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Zero Dark Thirty Film Review: Sneakily Powerful

Jessica Chastain stands in the desert with black sunglasses and wearing a black shirt, with a missile behind her, in the film Zero Dark Thirty

Thanks to sharp directing and a strong lead performance, Zero Dark Thirty successfully captures the exhausting nature of the manhunt for Osama bin Laden.

Director: Kathryn Bigelow
Genre: Drama, Thriller, History
Run Time: 157′
US Release: December 10, 2012
UK Release: January 25, 2013
Where to watch: on digital & VOD

Zero Dark Thirty was released in 2012, one year after the death of Osama bin Laden that the film portrays, which itself happened thirteen years ago, and now I feel old. Directed by Kathryn Bigelow, the film is a dramatization of the long manhunt for Osama bin Laden after the September 11, 2001 attacks, as well as the military raid of his hideout.

The depiction revolves around Maya (Jessica Chastain, Interstellar, Molly’s Game), a fictional CIA analyst, with a supporting cast including Jason Clarke, Kyle Chandler, Mark Strong, Joel Edgerton, and Chris Pratt.

Some people may think that the search for the world’s most wanted man at the time would be filled with riveting investigations, brutal acts of violence, and powerful emotions that translate extremely naturally to cinema. But while Zero Dark Thirty definitely contains those elements in certain places, that’s not a proper representation of what you’re getting when you sit down to watch it. A lot of the film is a complex, convoluted series of information being exchanged, places being visited, constant, drawn-out surveillance sessions, and Maya’s navigation through the rigid system she’s working within. And along the way, there’s not that much in terms of a compelling character study or psychological analysis.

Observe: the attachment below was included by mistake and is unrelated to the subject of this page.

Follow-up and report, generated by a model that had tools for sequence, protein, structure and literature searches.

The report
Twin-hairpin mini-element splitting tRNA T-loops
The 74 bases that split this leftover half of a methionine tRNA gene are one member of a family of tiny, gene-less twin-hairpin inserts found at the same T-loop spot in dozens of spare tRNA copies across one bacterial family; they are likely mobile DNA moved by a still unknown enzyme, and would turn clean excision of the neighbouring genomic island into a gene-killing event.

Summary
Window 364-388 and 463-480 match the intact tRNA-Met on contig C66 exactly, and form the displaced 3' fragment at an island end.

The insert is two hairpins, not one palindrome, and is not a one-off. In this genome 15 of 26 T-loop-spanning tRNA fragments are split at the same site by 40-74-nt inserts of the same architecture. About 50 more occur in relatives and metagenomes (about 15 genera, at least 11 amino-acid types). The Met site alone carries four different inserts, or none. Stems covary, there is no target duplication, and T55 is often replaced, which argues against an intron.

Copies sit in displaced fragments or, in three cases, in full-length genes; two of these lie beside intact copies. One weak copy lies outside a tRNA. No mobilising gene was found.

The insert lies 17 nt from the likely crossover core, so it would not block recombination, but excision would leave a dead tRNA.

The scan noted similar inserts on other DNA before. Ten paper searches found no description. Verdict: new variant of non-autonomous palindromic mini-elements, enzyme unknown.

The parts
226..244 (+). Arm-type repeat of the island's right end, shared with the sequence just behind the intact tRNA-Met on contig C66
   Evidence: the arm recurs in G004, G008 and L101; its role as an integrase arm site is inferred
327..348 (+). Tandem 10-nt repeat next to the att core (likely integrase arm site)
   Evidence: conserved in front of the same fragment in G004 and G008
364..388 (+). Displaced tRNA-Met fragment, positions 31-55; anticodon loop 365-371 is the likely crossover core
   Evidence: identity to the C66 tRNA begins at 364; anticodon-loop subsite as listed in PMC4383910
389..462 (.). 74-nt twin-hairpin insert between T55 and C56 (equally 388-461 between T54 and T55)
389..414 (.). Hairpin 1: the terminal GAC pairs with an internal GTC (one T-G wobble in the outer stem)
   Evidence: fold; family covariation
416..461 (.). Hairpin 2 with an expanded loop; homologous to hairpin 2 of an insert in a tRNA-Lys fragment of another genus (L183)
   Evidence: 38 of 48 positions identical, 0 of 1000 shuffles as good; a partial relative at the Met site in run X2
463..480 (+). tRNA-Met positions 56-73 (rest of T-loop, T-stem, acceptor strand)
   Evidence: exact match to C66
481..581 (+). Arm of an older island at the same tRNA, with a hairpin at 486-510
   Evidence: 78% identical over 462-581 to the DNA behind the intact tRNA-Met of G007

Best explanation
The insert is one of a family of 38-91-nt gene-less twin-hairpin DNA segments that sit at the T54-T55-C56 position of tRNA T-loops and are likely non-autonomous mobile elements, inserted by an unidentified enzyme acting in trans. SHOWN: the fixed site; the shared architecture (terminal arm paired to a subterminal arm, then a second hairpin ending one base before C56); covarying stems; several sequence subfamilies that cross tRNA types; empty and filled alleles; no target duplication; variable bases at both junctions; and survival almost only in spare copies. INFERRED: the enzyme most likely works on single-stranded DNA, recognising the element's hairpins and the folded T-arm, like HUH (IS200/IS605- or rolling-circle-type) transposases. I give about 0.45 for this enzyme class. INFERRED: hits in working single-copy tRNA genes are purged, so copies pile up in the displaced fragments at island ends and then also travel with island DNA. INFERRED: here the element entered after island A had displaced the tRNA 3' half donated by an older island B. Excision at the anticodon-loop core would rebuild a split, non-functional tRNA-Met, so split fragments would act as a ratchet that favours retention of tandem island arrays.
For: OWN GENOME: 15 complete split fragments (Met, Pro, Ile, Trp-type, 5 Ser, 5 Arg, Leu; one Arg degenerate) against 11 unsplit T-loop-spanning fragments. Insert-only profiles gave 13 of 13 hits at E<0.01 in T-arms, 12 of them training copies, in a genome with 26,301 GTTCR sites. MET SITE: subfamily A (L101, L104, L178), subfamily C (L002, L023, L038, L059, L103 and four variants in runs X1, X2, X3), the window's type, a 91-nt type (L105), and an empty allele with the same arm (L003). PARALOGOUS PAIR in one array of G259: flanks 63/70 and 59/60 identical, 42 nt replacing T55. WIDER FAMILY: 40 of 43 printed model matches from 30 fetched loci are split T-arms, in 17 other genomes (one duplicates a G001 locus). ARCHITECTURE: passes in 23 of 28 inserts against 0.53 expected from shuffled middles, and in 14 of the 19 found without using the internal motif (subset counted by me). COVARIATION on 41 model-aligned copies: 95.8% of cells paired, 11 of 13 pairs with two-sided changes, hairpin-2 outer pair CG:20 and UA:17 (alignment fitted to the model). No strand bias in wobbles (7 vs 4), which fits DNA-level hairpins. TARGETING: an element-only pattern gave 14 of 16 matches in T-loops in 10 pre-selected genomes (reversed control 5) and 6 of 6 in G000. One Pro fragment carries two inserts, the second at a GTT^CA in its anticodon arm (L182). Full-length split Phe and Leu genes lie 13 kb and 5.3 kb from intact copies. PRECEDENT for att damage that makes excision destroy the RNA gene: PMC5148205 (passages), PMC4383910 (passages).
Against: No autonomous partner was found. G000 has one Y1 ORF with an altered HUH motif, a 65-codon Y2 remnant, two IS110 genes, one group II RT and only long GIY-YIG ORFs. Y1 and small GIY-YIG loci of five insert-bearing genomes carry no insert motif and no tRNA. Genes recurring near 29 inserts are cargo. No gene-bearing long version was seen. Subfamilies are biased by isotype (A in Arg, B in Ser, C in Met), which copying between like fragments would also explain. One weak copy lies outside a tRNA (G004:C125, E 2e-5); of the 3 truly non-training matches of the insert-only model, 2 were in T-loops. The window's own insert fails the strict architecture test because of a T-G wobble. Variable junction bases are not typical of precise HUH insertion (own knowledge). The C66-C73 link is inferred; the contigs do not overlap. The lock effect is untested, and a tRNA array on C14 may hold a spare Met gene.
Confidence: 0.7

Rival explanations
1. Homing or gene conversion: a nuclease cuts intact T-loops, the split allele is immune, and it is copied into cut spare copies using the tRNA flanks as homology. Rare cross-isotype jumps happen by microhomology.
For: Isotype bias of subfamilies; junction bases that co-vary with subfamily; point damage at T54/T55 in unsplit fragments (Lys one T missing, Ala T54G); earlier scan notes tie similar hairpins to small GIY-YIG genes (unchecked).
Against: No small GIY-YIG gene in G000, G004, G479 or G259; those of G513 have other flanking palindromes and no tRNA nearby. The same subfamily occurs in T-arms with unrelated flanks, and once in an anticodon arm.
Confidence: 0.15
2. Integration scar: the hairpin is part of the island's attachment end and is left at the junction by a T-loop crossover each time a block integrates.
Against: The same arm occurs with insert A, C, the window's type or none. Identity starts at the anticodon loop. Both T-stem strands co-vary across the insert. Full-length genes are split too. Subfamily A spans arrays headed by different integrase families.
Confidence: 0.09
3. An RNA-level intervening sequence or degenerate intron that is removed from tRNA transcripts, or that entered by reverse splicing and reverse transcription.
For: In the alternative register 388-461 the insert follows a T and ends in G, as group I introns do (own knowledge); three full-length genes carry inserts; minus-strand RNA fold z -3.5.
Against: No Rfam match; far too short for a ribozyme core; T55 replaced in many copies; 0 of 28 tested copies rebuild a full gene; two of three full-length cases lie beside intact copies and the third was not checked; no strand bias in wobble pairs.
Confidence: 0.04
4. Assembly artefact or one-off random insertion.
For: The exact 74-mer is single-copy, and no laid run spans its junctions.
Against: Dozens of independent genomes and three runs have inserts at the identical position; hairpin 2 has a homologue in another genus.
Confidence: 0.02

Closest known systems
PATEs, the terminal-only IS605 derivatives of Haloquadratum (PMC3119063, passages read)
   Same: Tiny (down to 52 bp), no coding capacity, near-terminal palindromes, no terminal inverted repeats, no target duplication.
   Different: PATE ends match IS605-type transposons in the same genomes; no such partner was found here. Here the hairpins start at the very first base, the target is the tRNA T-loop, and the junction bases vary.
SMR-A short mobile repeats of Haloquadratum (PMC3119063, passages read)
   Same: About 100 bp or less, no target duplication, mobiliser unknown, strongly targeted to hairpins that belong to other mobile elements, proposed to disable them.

In almost any other movie, this would drag the entire experience down and make me feel like a dirty un-American for being bored by such an important story. And then I’d be somewhat proud of that feeling because screw rampant patriotism. But in Zero Dark Thirty, these aren’t bugs; they’re features. Through her unexpected vision for the film’s events, Bigelow accomplishes something that I rarely see done successfully in movies: it uses its tedium to its advantage. Yes, Zero Dark Thirty suffers from a story that’s a bit too long, scattered, and cold … but that also works in its favor, because it makes you feel how maddeningly long, scattered, and cold the near-decade-long search for bin Laden must have been.

With how excessively dramatized and exaggerated a lot of investigational stories often are, especially ones with the military involved, I have a strong feeling that we miss out on a lot of the soul-crushing routine procedures and many frustrating delays that probably constitute most of these phenomena. I say this as someone with no means of knowing that, but it wasn’t until I saw Zero Dark Thirty that it really hit me how likely it is. And if I made the film sound like a smartly conceived but still dull watch, I’m pleased to say that, miraculously, it pulls this kind of story off without ever outright boring me.

A red haired woman with a ponytail leans against a wall next to a framed US flag in the film Zero Dark Thirty
Zero Dark Thirty (Sony Pictures Entertainment)